This week I’m excited to particpate in Diane Gilleland’s Halloween EPP blog hop.
Diane told us that any Halloween EPP project was fine. I’ve been working with diamonds, hexagons, pentagons and triangles lately so I wanted to try something different.
I noticed a spider web design in Chapter 3, Building Your Own EPP Patterns, and thought that looked interesting. The center was an octagon, which was a shape I had not worked with before and the block was simply divided into eight sections based on the edges of the center octagon. Each of the eight sections was then divided horizontally into two bands. As I wanted to use a lot of my Halloween fabric, I wanted more than two bands in each section, but that type of edit was easy to do.
I opened up EQ7 and did a search in the block libraries for spider blocks. I received 5 hits; Spiderweb Maltese 4 was the closest to what I wanted. However, the lines from the edges of the block extended all the way to the center, and I wanted one open octagon shape in the center.
Halloween EPP EQ7 -1
Fortunately it was a quick and easy adjustment. I simply selected and deleted each of the eight lines in the center to reveal an open octagon shape in the center.
Halloween EPP EQ7 -2
Finally, I drew lines across each of the four corners to divide it so that the band was the same size as the others leaving a triangle shape in each corner.
Halloween EPP EQ7 -3
I printed out templates for a 16″ square block onto several sheets of card stock and glue basted my fabrics to the pieces. I know many people like to thread baste, but I find that glue basting is easy and quick. I used the ladder stitch to sew my pieces together, which takes a bit longer than the everyday whip stitch, butI think using a ladder stitch holds the pieces together more securely and that my stitches are less likely to show on the right side.
I started by stitching a band of black, orange and alternating green and purple to create 8 separate sections.
Stitching the bands into 8 sections
Most of this was done on the train to and from work. That is one of the things I like best about EPP; I can carry small parts of a project with me and stitch a piece or two together whenever I have a few minutes. Then I stitched each section to one side of the central octagon.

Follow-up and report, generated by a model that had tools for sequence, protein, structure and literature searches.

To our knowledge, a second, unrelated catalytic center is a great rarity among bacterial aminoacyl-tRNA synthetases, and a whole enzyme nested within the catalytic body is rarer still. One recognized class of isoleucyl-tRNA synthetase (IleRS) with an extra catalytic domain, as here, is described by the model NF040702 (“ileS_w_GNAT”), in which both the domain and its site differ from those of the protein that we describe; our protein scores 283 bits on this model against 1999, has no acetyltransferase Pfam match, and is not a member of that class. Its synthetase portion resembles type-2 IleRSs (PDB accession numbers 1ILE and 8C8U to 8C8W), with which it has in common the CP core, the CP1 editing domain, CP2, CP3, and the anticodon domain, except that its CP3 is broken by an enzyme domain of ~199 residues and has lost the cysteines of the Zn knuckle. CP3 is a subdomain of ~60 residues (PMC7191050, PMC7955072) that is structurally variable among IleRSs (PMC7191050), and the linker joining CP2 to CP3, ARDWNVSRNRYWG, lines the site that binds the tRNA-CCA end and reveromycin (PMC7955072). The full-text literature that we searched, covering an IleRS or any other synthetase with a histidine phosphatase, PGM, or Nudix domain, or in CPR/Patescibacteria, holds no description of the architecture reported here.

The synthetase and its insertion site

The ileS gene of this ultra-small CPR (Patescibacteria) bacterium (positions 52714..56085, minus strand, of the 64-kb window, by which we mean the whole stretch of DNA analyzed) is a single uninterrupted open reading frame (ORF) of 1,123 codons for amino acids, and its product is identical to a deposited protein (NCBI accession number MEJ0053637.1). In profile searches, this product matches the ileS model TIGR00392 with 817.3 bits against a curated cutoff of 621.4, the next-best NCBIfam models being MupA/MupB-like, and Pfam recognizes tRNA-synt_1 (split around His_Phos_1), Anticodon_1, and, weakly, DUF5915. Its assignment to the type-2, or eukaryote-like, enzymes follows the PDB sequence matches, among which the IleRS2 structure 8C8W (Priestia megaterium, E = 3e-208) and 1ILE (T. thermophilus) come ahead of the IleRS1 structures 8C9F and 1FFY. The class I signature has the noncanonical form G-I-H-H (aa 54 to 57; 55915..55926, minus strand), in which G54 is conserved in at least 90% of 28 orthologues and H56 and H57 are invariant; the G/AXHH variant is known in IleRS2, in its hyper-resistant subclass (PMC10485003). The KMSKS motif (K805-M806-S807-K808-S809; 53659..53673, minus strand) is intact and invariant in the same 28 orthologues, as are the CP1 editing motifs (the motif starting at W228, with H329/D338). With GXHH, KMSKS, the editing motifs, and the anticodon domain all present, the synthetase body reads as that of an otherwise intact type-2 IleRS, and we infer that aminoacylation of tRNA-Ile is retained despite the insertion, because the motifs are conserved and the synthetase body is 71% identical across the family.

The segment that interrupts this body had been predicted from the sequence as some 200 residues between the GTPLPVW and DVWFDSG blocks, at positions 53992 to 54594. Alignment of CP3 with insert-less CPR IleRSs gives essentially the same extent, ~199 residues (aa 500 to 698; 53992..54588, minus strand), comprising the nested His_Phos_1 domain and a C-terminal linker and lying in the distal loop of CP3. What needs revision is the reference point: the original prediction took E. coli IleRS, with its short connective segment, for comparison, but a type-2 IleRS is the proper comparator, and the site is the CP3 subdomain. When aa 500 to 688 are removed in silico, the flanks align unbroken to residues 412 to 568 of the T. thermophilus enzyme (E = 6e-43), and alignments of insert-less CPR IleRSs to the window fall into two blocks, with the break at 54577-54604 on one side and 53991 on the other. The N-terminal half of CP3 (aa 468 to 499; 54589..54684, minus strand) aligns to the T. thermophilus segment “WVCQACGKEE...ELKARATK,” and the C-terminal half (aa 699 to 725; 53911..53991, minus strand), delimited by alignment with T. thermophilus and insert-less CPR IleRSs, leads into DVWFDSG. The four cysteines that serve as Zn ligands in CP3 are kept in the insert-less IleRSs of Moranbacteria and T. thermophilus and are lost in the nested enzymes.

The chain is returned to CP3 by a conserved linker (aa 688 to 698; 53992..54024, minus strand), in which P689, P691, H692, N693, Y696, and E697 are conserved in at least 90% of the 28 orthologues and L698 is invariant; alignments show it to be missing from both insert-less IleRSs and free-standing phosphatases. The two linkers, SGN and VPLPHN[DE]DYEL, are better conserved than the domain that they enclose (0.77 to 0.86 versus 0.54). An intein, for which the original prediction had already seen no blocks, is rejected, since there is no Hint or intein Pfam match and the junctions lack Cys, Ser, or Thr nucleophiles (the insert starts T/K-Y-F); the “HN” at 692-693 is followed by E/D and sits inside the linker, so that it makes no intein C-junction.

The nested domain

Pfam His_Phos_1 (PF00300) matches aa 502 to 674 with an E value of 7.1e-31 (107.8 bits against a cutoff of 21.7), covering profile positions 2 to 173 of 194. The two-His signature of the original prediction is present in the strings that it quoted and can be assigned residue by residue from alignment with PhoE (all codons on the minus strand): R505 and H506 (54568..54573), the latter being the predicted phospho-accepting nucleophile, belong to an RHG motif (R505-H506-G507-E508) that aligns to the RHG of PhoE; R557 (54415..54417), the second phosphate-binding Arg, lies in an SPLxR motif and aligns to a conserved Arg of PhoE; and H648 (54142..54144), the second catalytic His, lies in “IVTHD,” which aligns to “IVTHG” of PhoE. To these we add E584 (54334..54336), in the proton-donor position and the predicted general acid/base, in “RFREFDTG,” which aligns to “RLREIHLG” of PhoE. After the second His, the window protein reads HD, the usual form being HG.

Stitching the bands to center octagon
Next, I stitched each section together from the center out to the edge of the block.
8 sections stitched to center octagon
Finally, I added the four corner triangles done all in the same spider web fabric.
Pillow top completed
I then removed all the paper pieces from the pillow front, being careful to mark my stitching lines on the wrong side of the fabric 1/2 ” in from the four sides of the block. I pressed it with a dry iron and then prepared the pieces for the back of the pillow. My pillow form was 16″ square so I cut two backing pieces, one 17″ by 12″ and the other 17″ by 8″. I pressed under 1/2″ on one edge of each piece, then pressed under 1/2″ again and top stitched along the edge of each.
Pillow back pieces
I then laid the pillow back right side up, placed the pieced pillow top right side down on top of it and pinned them together on all sides.
Pillow front and back pieces pinned together
I stitched 1/2″ around on all four sides. No need to leave an opening as the hemmed edges of the two separate back pieces provide an opening so that I can remove the pillow for cleaning. I clipped the corners, pressed the seams open, and turned the pillow cover right sides out.
Pillow front and back pieces stitched together
Last, I inserted the 16″ pillow form, fluffed it up a bit and placed it on my sofa to admire!
Finished pillow -front view
Finished pillow -back view
I’m really pleased with the way this turned out. I am already thinking of making a Christmas version. I was careful when I removed my card stock paper pieces so I can easily reuse them. And since I worked from a block in EQ7 and saved my changes to the sketchbook, I can print as many as I need even if I don’t want to reuse them. I could even reduce the block size and make enough for a matching quilt. The possibilities are endless! And since EPP is so portable, I can carry a project like this with me everywhere and stitch a little here and there when I find some time. I only spent a few minutes sitting at the sewing machine to make this pillow.
Hope this inspires you to check out Diane’s book, All Points Patchwork
, and try an EPP project of your own. Also, check out what the other Halloween Blog Hop participants are making – lots of fabulous EPP!